Infectious bronchitis virus causes devastating losses to the poultry industry but scientists are now developing a new way to vaccinate chicks against the disease — one that can be delivered while they are still in their egg. Researchers have used a “reverse genetic” system to produce a new vaccine strain which is safe to deliver to chicks while they are still in the egg, making it more effective than current vaccines.
A pre-hatching prototype vaccine virus which provides immunity to IBV has been developed by scientists at the Institute for Animal Health (IAH) and vaccine company Intervet UK. It can be delivered to chicks still in the egg (in-ovo) using robotic ‘vaccinators’.
IBV is the worst infectious disease in terms of economic loss to the UK poultry industry. Infection can lead to severe respiratory disease, dramatically reduce egg production and affect the quality and hatchability of eggs.
The researchers, funded by the Biotechnology and Biological Sciences Research Council (BBSRC), Department of the Environment, Food and Rural Affairs (Defra) and Intervet UK, used a ‘reverse genetic’ system to produce new vaccine strains. Existing strains, which are usually delivered by less efficient spray or drinking water dosage, can prevent chicks hatching if delivered in the egg.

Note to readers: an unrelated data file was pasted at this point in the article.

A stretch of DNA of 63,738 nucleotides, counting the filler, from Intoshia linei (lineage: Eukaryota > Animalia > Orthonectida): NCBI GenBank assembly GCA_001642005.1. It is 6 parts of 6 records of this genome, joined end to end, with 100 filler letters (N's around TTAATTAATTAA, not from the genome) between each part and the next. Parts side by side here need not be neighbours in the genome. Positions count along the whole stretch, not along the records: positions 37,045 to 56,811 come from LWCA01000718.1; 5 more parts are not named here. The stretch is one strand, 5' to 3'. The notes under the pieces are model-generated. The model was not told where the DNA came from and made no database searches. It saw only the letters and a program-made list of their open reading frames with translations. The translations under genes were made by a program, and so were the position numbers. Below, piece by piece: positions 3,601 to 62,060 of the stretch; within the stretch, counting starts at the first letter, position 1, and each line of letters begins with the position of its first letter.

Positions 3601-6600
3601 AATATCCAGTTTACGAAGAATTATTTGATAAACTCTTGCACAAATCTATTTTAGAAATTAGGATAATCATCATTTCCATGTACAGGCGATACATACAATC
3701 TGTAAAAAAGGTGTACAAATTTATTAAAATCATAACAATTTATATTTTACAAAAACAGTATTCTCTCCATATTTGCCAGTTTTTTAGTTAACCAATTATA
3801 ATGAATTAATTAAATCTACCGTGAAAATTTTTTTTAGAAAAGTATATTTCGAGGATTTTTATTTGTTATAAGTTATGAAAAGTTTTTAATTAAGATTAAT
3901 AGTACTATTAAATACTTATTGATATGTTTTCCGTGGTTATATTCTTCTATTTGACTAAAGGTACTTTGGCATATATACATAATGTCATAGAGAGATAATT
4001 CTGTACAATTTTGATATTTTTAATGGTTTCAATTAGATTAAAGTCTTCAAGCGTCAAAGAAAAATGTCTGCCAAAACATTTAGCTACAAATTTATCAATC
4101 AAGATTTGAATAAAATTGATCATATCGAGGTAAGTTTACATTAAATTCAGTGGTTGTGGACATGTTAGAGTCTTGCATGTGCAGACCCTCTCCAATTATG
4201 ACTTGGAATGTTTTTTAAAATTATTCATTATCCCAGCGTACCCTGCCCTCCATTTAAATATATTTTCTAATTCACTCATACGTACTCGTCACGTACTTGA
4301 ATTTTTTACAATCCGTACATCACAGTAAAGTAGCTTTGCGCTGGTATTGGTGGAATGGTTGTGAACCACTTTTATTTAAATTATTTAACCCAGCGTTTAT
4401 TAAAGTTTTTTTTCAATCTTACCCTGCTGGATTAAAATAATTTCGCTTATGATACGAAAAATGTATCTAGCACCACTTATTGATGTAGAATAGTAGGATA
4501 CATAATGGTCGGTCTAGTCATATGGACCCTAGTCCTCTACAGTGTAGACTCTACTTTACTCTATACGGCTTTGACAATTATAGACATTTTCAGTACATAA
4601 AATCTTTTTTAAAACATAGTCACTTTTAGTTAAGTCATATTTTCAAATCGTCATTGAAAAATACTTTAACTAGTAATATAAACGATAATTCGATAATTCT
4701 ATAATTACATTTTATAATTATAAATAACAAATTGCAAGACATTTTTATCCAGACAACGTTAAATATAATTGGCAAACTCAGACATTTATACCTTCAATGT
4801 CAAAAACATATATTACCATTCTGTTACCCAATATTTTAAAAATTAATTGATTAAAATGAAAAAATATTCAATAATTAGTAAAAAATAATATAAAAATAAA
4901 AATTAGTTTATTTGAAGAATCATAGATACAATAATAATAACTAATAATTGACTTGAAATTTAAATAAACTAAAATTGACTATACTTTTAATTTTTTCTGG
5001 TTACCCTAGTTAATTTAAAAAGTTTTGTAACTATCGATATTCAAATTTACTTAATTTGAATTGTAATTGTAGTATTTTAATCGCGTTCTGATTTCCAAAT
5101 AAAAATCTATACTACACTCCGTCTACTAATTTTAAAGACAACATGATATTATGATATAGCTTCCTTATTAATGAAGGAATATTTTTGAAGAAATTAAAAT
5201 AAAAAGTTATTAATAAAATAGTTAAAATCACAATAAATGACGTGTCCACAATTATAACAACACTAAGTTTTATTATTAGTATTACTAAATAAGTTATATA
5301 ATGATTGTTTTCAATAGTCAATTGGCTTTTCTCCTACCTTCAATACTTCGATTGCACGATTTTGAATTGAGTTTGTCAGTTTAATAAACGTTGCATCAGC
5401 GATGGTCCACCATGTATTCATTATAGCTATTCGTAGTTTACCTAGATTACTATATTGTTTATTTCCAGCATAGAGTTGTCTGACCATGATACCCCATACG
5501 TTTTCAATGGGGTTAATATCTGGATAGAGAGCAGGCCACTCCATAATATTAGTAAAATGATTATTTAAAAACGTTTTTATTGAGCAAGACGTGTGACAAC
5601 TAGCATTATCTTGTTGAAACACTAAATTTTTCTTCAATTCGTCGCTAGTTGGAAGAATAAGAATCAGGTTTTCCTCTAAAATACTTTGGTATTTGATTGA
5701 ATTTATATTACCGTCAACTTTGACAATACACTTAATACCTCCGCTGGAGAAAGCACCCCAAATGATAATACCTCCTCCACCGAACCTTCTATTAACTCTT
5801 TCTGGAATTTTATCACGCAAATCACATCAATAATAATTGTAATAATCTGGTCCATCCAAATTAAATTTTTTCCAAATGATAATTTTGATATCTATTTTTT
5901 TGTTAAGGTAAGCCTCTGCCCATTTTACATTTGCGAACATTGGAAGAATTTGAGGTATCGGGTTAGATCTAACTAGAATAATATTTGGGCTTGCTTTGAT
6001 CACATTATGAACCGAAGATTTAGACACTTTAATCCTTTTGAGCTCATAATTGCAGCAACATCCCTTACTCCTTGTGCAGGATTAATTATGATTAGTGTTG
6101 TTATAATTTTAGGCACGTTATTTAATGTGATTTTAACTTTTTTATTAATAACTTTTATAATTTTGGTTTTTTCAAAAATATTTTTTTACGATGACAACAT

The scientists have extracted a so-called spike protein from a pathogenic virus strain which triggers an immune response, and incorporated it into a harmless non-pathogenic strain. Dr Paul Britton, Head of the Coronavirus Group at IAH Compton, explained, “This hybrid virus was able to induce immunity when inoculated before hatching. When hatched chicks were exposed to the virulent M41 strain, we observed protection rates of up to 100 percent. With the UK poultry industry sustaining losses of ?23.6M a year to infectious bronchitis virus we hope that our research could have a real impact on improving yields for UK farmers.”
“We are currently trying to modify the vaccine further, in collaboration with Intervet, to make it suitable for commercial use,” said Dr Britton.
Professor Julia Goodfellow, Chief Executive of BBSRC, said: “BBSRC research into endemic UK animal disease has the potential to save UK farmers and consumers millions of pounds each year. IBV is one of the severe animal diseases that BBSRC supports research into, and the work at the Institute for Animal Health shows real promise in delivering tangible improvements on the farm.”